I believe that microgrids would have the most value during the islanding of the electricity system, which might be the result of terrorism or a natural disaster. Sue Tierney of Analysis Group said that we need a system of governance.  I say that a real time pricing system would provide such a system of governance while the system is stressed, such as by a terrorist attack or by a natural disaster.

David Kaufman of DHS/Federal Emergency Management Agency asked what private actors need from the government, after all, 44 of the top 100 economies in the world are private companies and during emergencies private actors often provide much of the relief.  I believe that the government needs to allow and perhaps operate a system of real time prices while electric systems are operating on an island mode.  David Kaufman also told the story of visiting Haiti after the earthquake and being amazed by the entrepreneurship of kids.  They took batteries from abandoned cars and provided a cell phone charging service.  Batteries could be used on a microgrid during an emergency if appropriate real time prices were available for charging and discharging the battery.

Miles Keogh of the National Association of Regulatory Utility Commissioners said that better competitive markets are very important over short periods of time, after which other systems need to take over.  The real time pricing mechanism that I described in many of my papers could function well on an island electric system, at least until the island was reconnected to the grid and another pricing mechanism could take over.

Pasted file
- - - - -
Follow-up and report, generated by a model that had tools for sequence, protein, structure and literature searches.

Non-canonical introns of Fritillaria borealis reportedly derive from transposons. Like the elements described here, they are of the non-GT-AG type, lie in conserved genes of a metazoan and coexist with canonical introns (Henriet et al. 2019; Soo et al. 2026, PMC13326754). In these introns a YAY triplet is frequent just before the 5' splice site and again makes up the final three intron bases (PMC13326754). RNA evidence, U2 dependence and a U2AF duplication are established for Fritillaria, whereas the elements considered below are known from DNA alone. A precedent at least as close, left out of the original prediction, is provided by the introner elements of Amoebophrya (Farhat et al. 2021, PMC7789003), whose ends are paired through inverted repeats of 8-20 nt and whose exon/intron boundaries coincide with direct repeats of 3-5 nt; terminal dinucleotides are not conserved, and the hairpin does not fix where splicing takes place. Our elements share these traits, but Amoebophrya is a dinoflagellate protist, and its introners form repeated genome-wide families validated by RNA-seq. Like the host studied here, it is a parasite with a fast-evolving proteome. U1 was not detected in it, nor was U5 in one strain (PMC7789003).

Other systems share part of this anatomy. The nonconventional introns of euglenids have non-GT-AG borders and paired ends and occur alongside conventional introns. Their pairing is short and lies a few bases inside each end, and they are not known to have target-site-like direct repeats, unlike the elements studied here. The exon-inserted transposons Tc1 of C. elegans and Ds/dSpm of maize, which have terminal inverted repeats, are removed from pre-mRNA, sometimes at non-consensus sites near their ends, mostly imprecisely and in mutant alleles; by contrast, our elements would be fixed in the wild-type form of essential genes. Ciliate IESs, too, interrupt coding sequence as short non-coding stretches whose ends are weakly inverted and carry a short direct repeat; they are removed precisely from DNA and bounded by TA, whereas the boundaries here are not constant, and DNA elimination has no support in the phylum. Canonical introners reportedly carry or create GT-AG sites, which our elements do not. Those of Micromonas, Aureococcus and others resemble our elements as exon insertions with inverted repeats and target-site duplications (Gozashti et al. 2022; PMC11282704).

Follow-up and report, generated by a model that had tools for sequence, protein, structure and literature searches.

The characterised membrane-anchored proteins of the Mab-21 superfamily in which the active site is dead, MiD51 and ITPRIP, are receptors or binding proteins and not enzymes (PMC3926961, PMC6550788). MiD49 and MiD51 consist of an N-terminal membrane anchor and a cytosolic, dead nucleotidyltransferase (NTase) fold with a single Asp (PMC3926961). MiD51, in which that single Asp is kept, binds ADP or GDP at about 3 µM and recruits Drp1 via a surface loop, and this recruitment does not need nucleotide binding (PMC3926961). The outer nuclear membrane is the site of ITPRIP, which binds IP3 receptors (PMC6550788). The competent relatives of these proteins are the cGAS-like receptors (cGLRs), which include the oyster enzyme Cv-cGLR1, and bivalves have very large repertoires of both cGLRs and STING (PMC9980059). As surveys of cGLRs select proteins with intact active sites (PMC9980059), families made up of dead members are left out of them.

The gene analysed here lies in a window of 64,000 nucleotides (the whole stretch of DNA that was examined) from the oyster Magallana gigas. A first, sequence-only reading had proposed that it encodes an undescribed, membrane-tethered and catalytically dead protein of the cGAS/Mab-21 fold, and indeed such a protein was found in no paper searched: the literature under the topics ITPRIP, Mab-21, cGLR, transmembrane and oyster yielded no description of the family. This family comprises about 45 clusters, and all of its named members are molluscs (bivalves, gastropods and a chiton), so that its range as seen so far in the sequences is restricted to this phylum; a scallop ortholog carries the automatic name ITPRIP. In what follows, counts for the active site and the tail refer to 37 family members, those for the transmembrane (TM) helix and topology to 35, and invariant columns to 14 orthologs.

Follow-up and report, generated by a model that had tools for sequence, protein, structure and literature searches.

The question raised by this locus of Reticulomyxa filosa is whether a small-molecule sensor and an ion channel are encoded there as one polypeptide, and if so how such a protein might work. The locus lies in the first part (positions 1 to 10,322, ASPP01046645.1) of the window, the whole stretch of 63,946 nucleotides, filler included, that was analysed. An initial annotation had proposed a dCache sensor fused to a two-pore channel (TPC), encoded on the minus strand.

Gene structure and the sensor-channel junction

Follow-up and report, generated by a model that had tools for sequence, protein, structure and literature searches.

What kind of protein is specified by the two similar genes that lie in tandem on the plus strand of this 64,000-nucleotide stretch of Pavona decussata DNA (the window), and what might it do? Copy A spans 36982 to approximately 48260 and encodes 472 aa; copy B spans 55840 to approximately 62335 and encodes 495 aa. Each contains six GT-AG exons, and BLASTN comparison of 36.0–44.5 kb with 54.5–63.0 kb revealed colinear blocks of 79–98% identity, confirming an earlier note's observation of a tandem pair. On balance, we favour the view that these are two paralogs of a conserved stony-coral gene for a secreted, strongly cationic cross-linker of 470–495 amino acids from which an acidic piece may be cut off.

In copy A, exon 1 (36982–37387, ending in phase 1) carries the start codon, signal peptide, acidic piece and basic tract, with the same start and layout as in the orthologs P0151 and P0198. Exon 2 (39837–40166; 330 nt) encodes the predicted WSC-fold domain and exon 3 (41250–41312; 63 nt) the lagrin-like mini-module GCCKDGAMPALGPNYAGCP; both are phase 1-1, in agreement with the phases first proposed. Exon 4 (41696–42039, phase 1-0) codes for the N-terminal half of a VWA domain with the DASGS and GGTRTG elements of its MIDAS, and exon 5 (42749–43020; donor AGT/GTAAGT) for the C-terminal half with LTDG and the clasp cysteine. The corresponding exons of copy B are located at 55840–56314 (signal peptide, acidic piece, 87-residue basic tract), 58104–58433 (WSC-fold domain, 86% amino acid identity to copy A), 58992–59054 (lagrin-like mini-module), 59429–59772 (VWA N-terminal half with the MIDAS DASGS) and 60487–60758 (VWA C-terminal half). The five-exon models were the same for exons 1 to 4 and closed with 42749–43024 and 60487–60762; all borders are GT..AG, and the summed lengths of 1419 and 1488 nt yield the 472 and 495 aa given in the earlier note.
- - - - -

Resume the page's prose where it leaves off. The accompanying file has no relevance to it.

Following Terry Boston’s admonition to control frequency and voltage and using the concept mentioned by Richard Schuler, I say that we can have a system of prices that vary inversely with frequency.  As I discuss in various papers including “Markets Instead of Penalties: Creating a Common Market for Wind and for Energy Storage Systems,” 8th CMU Electricity Conference: Data-Driven Management for Sustainable Electric Energy Systems, Carnegie Mellon University, Electrical & Computer Engineering and Engineering Public Policy Departments, Pittsburgh, Pennsylvania, 2012 March 12-14, my current thinking is that the shape of the inverse relation between prices and frequency should be a negative hyperbolic sine, such as presented in the next figure.  The hyperbolic sine is symmetrical about a price of zero and in this case a frequency of 60 Hertz.  The price needs to be offset from zero, such as with a price that varies inversely with time error.


The hyperbolic sine gets the price high enough to incent private actors who own backup generators to dump electricity into the island grid when frequency is perilously low.  I note that backup generators are notoriously expensive to operate, especially when the replacement of fuel is problematic.  If the price is changing every minute or every five minutes, the price will also drop when there are too many such backup generators or too many solar voltaic systems on the line.  The hyperbolic sine will also push the price negative when system frequency gets to be too high.  This swing in prices between high and low (or negative) would provide an incentive for the batteries to discharge and charge, as I wrote last year in “Reply Comments Of Mark B. Lively, Utility Economic Engineers, On The Need To Create A Program To Price Imbalances,” Rulemaking 10-12-007: Order Instituting Rulemaking Pursuant To Assembly Bill 2514 To Consider The Adoption Of Procurement Targets For Viable And Cost-Effective Energy Storage Systems, Public Utilities Commission Of The State Of California, 2012 February 13.

As I said, “It’s déjà vu all over again, and again, and again … .”

[i] Most of the articles, papers, and comments identified in this blog are available on my website,